We Continue the Work of Those
Who Were the First.

  • Electrotechnics
  • Electrical Engineering
  • Light & Lighting
  • Power Engineering
  • Transportation
  • Automation
  • Communication
  • Smart Buildings
  • Industry
  • Innovation

Current issue

ELEKTRO 11/2019 was released on November 6th 2019. Its digital version will be available on December 2nd 2019.

Topic: Electrical switchboards and switchboards technologies; substations

Main Article
The cause of mechanic vibration of synchronous mining engines by Palašer and its removal

SVĚTLO (Light) 5/2019 was released on September 16th 2019. Its digital version will be available immediately.

Professional organizations activities
International conference LIGHT (SVĚTLO) 2019 – 6th announcement
We participated in International commission on illumination CIE 2019 congress in Washington
Technical colloquium SLOVALUX 2019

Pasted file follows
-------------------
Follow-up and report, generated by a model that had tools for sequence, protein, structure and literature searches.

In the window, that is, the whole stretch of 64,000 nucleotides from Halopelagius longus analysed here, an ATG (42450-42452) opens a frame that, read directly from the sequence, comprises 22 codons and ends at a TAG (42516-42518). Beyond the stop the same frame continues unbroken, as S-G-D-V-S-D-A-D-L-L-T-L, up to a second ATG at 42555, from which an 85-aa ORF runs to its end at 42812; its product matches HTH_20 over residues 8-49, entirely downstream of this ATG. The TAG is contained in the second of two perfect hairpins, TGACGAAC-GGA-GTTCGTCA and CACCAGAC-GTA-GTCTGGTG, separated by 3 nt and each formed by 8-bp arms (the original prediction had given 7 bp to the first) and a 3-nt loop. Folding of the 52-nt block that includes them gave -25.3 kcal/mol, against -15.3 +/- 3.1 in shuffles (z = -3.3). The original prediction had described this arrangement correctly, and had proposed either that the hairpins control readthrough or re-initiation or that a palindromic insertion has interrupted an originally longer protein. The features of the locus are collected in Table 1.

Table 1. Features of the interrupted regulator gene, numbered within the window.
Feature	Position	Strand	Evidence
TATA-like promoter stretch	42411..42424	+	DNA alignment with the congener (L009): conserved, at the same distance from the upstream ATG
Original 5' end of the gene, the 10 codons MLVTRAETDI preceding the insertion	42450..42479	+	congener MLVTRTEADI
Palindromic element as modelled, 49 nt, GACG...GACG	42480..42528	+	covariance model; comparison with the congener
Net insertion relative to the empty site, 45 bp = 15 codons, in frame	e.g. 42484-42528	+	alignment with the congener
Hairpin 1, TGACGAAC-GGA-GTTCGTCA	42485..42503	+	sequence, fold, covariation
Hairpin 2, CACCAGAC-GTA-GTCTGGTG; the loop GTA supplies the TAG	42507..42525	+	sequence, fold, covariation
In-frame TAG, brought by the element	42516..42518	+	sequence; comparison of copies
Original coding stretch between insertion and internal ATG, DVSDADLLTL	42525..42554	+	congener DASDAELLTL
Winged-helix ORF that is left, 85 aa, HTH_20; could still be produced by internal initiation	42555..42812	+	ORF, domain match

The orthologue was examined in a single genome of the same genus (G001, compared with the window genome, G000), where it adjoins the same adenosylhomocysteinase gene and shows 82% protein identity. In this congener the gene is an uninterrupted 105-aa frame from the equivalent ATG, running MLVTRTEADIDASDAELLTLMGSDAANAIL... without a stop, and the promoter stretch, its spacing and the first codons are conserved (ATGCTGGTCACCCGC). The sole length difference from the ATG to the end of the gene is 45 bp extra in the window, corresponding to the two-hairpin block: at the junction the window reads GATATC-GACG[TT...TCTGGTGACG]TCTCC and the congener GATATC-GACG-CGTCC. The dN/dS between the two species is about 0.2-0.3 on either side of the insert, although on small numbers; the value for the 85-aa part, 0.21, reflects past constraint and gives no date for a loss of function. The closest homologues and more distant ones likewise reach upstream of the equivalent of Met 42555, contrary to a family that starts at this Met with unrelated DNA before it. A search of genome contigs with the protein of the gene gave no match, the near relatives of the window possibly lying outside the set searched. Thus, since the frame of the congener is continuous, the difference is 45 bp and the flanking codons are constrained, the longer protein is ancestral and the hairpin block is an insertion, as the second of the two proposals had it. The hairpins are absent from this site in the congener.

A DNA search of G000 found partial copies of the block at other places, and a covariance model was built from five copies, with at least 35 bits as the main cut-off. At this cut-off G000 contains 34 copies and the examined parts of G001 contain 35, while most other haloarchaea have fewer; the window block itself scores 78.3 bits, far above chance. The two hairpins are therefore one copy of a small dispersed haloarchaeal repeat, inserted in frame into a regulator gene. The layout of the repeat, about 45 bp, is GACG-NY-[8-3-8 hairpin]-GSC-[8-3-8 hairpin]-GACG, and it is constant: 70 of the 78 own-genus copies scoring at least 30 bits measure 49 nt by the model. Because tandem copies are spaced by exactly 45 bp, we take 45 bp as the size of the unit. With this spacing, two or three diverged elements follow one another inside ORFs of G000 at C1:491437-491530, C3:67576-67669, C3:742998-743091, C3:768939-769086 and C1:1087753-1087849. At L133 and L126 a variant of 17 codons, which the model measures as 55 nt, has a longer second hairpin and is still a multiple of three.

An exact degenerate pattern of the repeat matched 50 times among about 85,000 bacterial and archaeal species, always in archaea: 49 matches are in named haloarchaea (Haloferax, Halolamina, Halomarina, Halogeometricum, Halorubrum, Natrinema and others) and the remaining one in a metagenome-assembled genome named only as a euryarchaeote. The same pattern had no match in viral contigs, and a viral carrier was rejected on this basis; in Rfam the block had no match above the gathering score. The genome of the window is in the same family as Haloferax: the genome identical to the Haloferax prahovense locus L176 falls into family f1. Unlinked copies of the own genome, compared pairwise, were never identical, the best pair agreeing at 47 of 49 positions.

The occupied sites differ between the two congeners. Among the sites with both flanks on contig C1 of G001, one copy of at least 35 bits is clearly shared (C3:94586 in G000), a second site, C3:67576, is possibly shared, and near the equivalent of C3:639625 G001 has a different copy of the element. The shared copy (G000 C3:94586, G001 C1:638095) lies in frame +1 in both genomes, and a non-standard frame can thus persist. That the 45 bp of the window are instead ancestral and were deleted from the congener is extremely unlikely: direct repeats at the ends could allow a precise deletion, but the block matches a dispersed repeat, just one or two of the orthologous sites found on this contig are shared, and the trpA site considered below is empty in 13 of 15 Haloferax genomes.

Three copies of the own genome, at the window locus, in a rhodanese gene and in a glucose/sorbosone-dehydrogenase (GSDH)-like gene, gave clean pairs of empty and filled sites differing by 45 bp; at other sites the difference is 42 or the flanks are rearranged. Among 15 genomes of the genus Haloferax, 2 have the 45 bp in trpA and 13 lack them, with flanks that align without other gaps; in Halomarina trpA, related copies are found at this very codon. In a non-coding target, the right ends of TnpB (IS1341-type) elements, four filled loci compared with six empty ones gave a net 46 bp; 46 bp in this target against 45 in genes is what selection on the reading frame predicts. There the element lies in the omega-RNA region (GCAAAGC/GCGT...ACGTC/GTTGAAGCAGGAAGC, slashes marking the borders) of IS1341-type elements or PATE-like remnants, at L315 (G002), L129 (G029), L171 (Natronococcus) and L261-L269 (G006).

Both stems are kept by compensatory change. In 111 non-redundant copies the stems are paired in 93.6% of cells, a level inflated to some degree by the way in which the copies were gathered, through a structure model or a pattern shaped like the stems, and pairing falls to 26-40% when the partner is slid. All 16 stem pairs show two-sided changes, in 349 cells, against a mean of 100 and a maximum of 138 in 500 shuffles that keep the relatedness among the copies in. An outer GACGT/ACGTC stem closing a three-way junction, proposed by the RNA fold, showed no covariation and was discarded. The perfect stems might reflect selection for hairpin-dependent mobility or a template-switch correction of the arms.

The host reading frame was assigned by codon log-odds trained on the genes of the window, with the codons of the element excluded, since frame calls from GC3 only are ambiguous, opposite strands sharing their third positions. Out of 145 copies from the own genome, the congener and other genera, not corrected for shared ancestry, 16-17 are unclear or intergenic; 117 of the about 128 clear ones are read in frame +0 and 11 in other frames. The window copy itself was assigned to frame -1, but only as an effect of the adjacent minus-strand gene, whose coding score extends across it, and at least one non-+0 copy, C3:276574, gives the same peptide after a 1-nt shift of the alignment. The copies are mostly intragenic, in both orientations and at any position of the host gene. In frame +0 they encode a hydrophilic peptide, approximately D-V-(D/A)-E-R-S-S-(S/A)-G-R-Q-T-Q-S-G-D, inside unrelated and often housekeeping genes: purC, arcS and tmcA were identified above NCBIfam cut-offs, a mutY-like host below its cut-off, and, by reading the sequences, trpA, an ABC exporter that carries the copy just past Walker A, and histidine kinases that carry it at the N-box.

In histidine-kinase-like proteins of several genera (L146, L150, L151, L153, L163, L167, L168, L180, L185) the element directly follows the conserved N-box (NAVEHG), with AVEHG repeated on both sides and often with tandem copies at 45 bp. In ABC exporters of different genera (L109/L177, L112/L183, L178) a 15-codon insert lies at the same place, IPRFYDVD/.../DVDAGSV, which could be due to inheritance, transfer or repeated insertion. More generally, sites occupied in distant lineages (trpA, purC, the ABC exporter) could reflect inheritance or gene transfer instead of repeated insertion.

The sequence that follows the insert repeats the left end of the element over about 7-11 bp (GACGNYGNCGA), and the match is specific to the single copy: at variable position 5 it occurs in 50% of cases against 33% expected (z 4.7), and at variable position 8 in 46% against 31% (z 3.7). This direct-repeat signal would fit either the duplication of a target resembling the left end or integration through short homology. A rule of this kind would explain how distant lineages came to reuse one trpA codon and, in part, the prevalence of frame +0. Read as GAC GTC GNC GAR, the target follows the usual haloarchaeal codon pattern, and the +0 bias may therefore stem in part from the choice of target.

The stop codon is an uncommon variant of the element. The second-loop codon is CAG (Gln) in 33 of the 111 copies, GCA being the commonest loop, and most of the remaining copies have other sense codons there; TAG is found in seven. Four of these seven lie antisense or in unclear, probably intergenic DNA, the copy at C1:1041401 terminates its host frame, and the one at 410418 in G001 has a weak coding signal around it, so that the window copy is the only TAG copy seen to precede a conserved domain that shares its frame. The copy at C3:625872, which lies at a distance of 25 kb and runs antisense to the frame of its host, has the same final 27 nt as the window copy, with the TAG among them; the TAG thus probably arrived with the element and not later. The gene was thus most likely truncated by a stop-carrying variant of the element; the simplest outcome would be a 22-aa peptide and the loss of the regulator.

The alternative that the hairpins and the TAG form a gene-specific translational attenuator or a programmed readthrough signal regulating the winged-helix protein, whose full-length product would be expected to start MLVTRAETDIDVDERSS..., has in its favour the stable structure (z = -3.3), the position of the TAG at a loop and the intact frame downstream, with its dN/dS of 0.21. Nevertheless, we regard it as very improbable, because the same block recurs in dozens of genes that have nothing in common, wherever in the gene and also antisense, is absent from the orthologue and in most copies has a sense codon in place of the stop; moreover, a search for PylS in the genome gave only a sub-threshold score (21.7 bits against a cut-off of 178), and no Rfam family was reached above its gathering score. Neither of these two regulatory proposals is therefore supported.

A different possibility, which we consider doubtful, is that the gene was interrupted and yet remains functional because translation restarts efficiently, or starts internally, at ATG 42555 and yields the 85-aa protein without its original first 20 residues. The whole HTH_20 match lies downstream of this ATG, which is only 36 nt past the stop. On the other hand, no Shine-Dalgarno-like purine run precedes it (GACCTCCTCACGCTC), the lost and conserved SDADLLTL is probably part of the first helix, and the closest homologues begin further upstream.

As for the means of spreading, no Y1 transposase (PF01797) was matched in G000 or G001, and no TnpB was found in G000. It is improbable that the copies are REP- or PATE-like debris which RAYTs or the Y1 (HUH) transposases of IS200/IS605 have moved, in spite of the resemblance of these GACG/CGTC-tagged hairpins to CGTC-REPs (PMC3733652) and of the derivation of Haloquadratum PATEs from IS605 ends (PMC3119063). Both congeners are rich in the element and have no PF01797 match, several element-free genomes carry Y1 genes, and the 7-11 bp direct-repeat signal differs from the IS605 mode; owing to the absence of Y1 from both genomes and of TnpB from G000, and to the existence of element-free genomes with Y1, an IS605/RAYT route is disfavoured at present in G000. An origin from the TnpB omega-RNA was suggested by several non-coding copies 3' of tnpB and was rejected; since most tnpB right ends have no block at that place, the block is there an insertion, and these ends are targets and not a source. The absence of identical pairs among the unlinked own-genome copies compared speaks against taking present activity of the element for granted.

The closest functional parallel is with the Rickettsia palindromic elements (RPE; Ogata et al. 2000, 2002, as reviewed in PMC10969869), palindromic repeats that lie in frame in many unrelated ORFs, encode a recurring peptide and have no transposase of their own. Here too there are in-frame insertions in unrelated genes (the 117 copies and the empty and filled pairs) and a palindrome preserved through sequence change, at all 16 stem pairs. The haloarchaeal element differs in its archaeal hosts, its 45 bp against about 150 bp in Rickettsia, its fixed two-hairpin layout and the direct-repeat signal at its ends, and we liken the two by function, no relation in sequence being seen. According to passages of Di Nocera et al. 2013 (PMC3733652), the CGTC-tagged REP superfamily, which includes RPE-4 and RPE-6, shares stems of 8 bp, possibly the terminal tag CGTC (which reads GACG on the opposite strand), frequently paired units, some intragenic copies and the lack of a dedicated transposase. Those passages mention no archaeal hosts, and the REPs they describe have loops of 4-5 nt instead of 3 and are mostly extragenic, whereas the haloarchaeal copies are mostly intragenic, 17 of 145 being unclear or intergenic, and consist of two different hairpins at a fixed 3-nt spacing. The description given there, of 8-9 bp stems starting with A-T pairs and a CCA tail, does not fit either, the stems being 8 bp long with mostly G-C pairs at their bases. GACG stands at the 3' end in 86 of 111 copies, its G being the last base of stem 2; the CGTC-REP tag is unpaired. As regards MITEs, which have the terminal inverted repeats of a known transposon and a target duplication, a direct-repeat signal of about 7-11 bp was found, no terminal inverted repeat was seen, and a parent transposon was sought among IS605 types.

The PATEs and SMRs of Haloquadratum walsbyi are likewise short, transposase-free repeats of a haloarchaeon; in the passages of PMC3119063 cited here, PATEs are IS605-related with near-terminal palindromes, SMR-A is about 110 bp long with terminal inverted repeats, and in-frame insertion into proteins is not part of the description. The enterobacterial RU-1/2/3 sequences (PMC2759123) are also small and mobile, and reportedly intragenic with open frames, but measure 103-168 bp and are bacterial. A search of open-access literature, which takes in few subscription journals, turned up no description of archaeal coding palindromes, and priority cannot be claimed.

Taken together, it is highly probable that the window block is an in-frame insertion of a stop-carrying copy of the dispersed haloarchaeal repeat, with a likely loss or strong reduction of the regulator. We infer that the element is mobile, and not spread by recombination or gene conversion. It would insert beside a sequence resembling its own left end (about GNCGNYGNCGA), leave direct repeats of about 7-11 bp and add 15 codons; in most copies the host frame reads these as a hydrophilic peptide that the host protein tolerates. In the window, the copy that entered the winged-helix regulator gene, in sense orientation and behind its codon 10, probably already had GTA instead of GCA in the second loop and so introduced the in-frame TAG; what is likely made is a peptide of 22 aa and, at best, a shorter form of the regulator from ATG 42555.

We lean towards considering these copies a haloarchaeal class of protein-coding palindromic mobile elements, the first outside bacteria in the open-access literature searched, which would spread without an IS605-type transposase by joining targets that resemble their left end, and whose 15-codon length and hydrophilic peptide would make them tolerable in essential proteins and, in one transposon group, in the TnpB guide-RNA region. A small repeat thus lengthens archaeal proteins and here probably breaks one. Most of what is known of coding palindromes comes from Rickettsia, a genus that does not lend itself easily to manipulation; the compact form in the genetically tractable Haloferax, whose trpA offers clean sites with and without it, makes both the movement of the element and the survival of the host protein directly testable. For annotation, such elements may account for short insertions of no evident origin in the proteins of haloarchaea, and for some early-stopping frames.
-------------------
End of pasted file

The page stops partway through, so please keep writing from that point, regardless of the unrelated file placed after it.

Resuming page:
Fairs and exhibitions
Inspire with boho styl and design of Far East at autumn fair FOR INTERIOR

Researchers just identified a new 2D insulators with ferromagnetic properties

13.05.2019 | Ames Laboratory | www.ameslab.gov

Collaborating scientists at the U.S. Department of Energy’s Ames Laboratory, Brookhaven National Laboratory, and Princeton University have discovered a new layered ferromagnetic semiconductor, a rare type of material that holds great promise for next-generation electronic technologies.

As the name implies, semiconductors are the Goldilocks of electrically conductive materials-- not a metal, and not an insulator, but a “just-right” in-between whose conducting properties can be altered and customized in ways that create the basis for the world’s modern electronic capabilities. Especially rare are the ones closer to an insulator than to a metal.

2D insulator

Being able to exfoliate these materials down into 2D layers gives us new opportunities to find unusual properties that are potentially useful to electronic technology advances.” “It’s sort of like getting a new shape of Lego bricks. The more unique pieces you have, the cooler the stuff you can build.” The advantage of ferromagnetism in a semiconductor is that electronic properties become spin-dependent. Electrons align their spins along internal magnetization.

Read more at Ames Laboratory

Image Credit: Ames Laboratory

-jk-